CONTINUITY OF PRODUCTION - A REVIEW OF THE PART PLAYED BY THE VARIETY
The National Institute of Agricultural Botany is a centre for giving advice to growers concerning suitable varieties. In the past we have usually been asked to suggest one good variety. Now, the more usual request is for a series of varieties to provide a continuity of supply to fulfil a contract throughout the season either with a processing factory, or with a prepacking company, or with a chain of multiple shops.
In some cases we have to advise that there is very little scope for using varieties to extend the season of production and the grower must rely upon a series of dates of sowing. Generally, a grower prefers to have a succession of varieties so that the whole field can be cultivated, fertilised and drilled in one operation. It is not economical to have to take cultivators, fertiliser distributors, seed drills and so on, to the field to be used for sowing one small strip only. Also, under English weather conditions it is very difficult to keep to a strict schedule - even if it is not raining, the soil may be too wet or too dry. Again, with a 5-day working week, Saturdays and Sundays have to be avoided in the programme.
For Lettuce, we do advise successive sowings, firstly because there are too few varieties available to give a continuity of cropping (see Table 1), and secondly, because most lettuce growers have irrigation and light soils which enable them to obtain good field establishment at any time in the season.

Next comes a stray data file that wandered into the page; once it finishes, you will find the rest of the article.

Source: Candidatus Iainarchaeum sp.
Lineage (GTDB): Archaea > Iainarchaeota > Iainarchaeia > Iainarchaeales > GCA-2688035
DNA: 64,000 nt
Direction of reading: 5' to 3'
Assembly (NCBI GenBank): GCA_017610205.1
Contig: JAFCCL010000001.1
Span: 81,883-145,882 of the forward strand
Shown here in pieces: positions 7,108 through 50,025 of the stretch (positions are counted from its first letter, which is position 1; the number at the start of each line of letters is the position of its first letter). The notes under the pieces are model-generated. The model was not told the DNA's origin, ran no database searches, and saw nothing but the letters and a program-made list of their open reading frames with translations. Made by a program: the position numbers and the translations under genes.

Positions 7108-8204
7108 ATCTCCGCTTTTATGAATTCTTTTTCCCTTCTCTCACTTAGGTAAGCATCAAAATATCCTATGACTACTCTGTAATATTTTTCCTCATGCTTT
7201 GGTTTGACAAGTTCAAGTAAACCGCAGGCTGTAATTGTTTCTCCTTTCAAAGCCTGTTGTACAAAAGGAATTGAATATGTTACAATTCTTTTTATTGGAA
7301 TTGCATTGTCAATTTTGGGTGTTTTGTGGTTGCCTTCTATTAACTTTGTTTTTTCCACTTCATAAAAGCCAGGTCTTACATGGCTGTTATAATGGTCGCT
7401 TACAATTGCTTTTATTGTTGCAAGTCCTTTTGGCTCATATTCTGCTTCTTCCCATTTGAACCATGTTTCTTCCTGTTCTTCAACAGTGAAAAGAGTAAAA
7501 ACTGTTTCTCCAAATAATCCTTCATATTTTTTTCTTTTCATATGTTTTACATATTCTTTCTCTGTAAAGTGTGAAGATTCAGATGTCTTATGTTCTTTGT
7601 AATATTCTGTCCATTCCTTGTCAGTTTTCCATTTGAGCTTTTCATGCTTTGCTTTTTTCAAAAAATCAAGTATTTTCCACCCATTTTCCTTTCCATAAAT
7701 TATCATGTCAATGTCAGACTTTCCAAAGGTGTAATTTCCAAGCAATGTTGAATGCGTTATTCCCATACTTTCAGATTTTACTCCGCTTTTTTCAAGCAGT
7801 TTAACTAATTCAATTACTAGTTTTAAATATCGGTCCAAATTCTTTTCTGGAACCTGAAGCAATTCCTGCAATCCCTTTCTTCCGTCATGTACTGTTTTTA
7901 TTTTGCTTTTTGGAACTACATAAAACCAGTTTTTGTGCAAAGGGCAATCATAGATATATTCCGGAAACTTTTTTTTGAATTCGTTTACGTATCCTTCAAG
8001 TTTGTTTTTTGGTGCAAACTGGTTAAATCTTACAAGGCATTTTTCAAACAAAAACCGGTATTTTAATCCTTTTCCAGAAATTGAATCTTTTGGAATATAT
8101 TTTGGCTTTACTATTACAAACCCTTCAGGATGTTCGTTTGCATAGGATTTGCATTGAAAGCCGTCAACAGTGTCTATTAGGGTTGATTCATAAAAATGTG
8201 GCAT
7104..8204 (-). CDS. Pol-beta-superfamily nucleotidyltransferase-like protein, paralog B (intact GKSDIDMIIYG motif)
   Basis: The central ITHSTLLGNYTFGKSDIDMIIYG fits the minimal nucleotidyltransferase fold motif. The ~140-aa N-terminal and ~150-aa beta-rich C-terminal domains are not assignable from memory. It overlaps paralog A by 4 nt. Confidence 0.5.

Perhaps it should be mentioned here that continuity of production usually includes uniformity of product too. A home gardener may sow butterhead, crisp and cos types of lettuce to give a succession of crop which may be acceptable for home use, but for commercial production the series of varieties must be so similar to one another that the final product is consistent throughout the season.
In addition to Lettuce, Broad Beans and Runner Beans are other crops in which sowing date is of greater importance than variety for providing a succession of crops.
Tables 2, 3, 4, 5 and 6 illustrate the range of maturity in some other crops and tend to show that a grower may be able to use a series of